what is this painting? is it a monster, a sphinx, a riddle, a mental labyrinth, the resting point of an idea that has travelled thousands of years in the mind of humanity, or a secret guide to the future?
is it in fact a painting, or is it one of those things that transcend art, transcend their form, a question that immortality poses to mortality?
at the center of the painting is the tomb. and at the center of the tomb is the inscription: et in arcadia ego. those four words are among the most debated in the history of art, the most enigmatic, puzzling, mysterious, and endless.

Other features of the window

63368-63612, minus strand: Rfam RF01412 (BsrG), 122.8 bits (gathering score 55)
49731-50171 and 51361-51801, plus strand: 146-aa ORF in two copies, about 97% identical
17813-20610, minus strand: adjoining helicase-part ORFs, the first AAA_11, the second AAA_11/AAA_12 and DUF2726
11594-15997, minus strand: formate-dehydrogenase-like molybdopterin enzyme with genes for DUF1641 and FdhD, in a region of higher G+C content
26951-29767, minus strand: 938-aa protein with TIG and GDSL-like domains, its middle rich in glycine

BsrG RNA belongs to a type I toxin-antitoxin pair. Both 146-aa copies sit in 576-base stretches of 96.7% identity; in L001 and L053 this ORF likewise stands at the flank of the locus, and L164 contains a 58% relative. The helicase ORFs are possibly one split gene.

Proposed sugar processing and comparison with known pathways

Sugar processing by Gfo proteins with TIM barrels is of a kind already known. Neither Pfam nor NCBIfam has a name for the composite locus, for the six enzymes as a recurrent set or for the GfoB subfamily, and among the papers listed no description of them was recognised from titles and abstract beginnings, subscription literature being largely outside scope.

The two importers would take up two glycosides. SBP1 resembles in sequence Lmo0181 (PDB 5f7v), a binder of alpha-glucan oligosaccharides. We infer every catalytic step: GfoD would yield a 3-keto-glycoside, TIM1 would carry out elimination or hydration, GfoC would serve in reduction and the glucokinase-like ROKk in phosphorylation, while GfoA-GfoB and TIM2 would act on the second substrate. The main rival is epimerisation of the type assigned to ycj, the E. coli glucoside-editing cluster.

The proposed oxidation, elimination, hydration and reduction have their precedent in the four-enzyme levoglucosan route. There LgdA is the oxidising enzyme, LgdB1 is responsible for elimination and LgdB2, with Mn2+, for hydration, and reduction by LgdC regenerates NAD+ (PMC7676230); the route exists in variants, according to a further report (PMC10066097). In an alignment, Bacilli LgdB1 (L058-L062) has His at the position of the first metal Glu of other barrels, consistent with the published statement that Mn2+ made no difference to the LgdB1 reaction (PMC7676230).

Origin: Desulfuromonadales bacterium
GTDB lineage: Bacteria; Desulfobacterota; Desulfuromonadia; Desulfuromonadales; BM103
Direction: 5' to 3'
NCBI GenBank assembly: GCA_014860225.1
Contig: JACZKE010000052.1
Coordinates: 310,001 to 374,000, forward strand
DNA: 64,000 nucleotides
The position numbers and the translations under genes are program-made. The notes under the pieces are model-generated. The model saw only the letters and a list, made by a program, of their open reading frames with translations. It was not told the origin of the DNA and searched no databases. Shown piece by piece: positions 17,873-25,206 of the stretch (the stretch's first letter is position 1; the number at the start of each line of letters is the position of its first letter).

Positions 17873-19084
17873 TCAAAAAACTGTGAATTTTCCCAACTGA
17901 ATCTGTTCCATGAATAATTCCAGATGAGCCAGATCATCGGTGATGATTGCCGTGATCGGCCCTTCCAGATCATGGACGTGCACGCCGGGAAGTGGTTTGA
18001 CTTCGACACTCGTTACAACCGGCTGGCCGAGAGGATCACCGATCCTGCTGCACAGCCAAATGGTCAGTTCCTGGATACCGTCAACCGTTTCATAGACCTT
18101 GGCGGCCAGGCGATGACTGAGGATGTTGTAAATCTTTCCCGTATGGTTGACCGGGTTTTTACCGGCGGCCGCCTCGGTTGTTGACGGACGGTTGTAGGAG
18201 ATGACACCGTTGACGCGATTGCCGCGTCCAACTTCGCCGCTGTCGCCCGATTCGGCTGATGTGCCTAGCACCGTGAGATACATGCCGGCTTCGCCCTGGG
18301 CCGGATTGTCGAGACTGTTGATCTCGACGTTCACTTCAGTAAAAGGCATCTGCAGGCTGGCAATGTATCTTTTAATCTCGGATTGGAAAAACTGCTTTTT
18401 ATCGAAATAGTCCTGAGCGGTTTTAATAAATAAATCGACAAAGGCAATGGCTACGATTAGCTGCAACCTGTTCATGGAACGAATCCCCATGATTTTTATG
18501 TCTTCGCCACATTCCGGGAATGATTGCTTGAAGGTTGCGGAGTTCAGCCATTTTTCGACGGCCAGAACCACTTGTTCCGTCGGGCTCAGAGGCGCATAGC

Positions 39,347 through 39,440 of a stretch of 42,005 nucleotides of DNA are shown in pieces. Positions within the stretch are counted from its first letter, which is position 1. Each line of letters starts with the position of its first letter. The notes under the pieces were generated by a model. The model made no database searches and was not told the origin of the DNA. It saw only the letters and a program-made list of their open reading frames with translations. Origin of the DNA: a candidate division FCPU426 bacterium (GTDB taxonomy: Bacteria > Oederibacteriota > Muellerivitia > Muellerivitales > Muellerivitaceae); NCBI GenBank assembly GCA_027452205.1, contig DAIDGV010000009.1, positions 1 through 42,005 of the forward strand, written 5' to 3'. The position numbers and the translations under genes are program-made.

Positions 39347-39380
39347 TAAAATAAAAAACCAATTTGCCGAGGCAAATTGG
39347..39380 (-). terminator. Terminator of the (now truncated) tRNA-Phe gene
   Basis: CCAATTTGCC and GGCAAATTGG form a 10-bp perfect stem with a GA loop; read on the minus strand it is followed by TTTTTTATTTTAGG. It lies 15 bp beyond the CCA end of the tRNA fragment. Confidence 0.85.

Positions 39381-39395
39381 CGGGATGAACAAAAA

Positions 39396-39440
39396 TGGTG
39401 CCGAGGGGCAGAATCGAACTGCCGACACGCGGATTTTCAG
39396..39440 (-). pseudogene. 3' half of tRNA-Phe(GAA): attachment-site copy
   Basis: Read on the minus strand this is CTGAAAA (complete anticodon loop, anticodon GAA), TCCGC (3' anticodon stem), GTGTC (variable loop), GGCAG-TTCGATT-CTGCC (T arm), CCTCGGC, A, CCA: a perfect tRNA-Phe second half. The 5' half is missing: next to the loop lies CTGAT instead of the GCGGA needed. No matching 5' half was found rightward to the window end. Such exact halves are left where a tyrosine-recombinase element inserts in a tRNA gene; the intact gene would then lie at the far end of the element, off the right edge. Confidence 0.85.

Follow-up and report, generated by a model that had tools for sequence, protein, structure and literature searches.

i too have lived in arcadia, the inscription reads. who is the i? is it death? is it the one who died? there is no name on the tomb. so it can’t be the one who is buried in it. the tomb itself seems to be the i; or the unnamed dead within it. this unnaming makes it all of us, therefore it might be anyone who has died. they too have been in arcadia. they too have lived. and now they are dead. we who look upon the painting are implicated. we stand with the shepherds. we too are in arcadia. we are alive. we too will… but if the tomb itself is the one that speaks its own inscription then it is saying that death too has been in arcadia, and is still there, in the form of the monumental tomb.
like a silent explosion, a quiet inner revolution, a provocation to enlightenment, a ticking time bomb of illumination planted right in the midst of life’s splendours, it is impossible for an intelligent human being to see this painting, to think about it, and to live the same way they lived before.
ben okri – in arcadia